The game rich area combined with expert guides, specially trained in lighting and photographic positioning, and the photographic hides means spectacular photos are practically guaranteed. These camps have always been the operation of choice for professional photographers and filmmakers. Many of the documentaries you’ll see today on National Geographic Channel have been filmed in this area and using the hides for these camps. Both of your camps pay special attention to your photographic experience by providing all guests with bean bags, dust covers for your camera gear and of course access to their world renown photographic hides.
South Luangwa National Park
For your final two nights in Zambia, head to Mwamba Bush Camp. Wonderfully remote and peaceful, the site is a relaxed 3-hour bushwalk or 20 minute drive from Kaingo. Both walking safaris, and game drives (day and night) are offered from Mwamba.
The Hippo Hide is located on a deep corner at the confluence of the Luangwa and Mwamba rivers. Here hundreds of hippos congregate throughout the season in both bachelor and breeding pods. The hippo hide is carved into the bank of the river directly above these pods and its inhabitants are hidden by a grass screen. Comfortable seating and cleverly designed camera props make this a photographers dream. Also watch the resident crocodile who has learnt to snatch unsuspecting Oxpeckers from the hippos back. Watch elephants, giraffe and buffalo coming in to drink .
The Elephant Hide is a platform nestled between an Ebony and a Sausage tree directly above a centuries old elephant highway. Knowledge is passed from elders to juvenile elephants in the community and for hundreds of years this beautiful spot in the river has been used for drinking, mud bathing, social greeting and river crossing. When the elephants come to the river at the crossing point, the guides gather everyone and race to the hide where the tree gives us a unique – and safe – vantage point from which to watch their activities.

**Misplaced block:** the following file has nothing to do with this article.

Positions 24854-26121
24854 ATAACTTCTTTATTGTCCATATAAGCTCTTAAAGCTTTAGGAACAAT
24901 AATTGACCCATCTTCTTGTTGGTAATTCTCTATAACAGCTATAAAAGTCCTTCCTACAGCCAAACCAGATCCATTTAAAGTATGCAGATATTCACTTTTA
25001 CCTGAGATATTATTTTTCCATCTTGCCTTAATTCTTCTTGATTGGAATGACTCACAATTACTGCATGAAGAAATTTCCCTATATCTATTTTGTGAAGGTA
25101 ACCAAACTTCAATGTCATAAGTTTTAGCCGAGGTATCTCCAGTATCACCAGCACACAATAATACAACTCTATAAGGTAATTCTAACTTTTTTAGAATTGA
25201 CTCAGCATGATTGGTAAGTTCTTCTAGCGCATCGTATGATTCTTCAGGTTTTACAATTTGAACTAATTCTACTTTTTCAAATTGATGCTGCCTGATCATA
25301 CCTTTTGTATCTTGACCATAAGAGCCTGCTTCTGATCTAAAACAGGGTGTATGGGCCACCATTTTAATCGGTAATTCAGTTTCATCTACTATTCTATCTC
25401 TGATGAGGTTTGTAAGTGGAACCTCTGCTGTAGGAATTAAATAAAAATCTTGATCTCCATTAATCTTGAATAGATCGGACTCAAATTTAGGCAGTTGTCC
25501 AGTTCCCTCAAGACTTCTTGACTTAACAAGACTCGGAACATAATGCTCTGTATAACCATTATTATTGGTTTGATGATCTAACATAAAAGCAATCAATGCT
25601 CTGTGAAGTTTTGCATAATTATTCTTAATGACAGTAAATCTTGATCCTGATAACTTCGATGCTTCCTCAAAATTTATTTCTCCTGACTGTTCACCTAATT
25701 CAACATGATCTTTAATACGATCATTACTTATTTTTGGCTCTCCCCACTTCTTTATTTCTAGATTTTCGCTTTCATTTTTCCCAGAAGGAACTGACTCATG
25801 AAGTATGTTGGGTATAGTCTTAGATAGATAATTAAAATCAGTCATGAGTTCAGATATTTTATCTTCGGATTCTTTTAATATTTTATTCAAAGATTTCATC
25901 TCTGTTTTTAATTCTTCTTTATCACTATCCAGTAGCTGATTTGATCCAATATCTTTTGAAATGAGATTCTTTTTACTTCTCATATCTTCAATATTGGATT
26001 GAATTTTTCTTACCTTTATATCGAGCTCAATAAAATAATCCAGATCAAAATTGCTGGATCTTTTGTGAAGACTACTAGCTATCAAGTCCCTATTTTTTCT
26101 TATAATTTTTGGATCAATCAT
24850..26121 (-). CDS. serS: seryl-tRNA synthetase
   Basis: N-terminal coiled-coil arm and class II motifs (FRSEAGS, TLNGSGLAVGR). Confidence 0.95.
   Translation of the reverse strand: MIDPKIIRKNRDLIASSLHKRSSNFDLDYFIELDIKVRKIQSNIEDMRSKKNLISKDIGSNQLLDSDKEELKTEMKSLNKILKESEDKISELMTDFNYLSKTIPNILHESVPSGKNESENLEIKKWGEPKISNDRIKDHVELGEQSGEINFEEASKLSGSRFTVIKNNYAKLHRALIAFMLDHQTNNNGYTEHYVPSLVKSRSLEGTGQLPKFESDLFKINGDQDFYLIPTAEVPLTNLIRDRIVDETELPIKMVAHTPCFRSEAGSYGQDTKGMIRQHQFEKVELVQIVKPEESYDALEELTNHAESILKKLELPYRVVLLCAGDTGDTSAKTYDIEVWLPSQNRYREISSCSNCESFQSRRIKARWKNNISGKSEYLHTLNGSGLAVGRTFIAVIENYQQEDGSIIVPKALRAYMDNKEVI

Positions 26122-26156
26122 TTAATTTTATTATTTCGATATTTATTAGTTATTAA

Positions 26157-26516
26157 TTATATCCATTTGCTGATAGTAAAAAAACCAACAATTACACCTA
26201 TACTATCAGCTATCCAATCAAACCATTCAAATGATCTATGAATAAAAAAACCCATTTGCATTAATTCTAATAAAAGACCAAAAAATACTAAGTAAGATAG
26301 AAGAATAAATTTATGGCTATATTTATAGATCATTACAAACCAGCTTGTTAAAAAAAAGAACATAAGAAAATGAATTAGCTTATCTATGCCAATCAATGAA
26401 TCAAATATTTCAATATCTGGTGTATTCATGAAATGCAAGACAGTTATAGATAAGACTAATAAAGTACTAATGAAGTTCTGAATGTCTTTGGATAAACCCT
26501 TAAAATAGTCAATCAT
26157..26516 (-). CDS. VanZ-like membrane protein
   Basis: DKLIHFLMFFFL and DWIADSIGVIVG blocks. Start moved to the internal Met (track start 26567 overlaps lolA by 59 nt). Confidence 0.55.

South Luangwa National Park
Carmine Bee-eater Hide is put in place early in September once the Carmines are established at their nesting site. Carmines build their nests in huge colonies into the river bank so the is built hide in the middle of the river in order to get the best viewing angle and distance. Getting to the hide is an adventure in and off itself – walk across the long beach with an armed scout and wade through the river to the anchored boat-hide. The Carmines are very used to the hide’s presence and carry on about their business as though it wasn’t there. This hide provides fantastic photo opportunities of this spectacular bird. A must for serious birders and novices alike!
Mwamba’s Last Waterhole Hide is perched on an outcrop directly above an active waterhole. This waterhole is busy throughout the season, but is most spectacular from late September when all the other water in the area has dried up. This waterhole provides fantastic opportunities to watch different species of thirsty game coming in to drink. The stage remains constant but the players change throughout the day – it is very easy to while away hours in this hide watching the ever changing show. It is particularly good in the mornings between 8 and 9am.
On day 10 it’s sadly time to depart. Take your last snaps today before you are transferred back through the park to the airstrip for the light aircraft flight from South Luangwa back to Lusaka to meet your departing flights. Breakfast.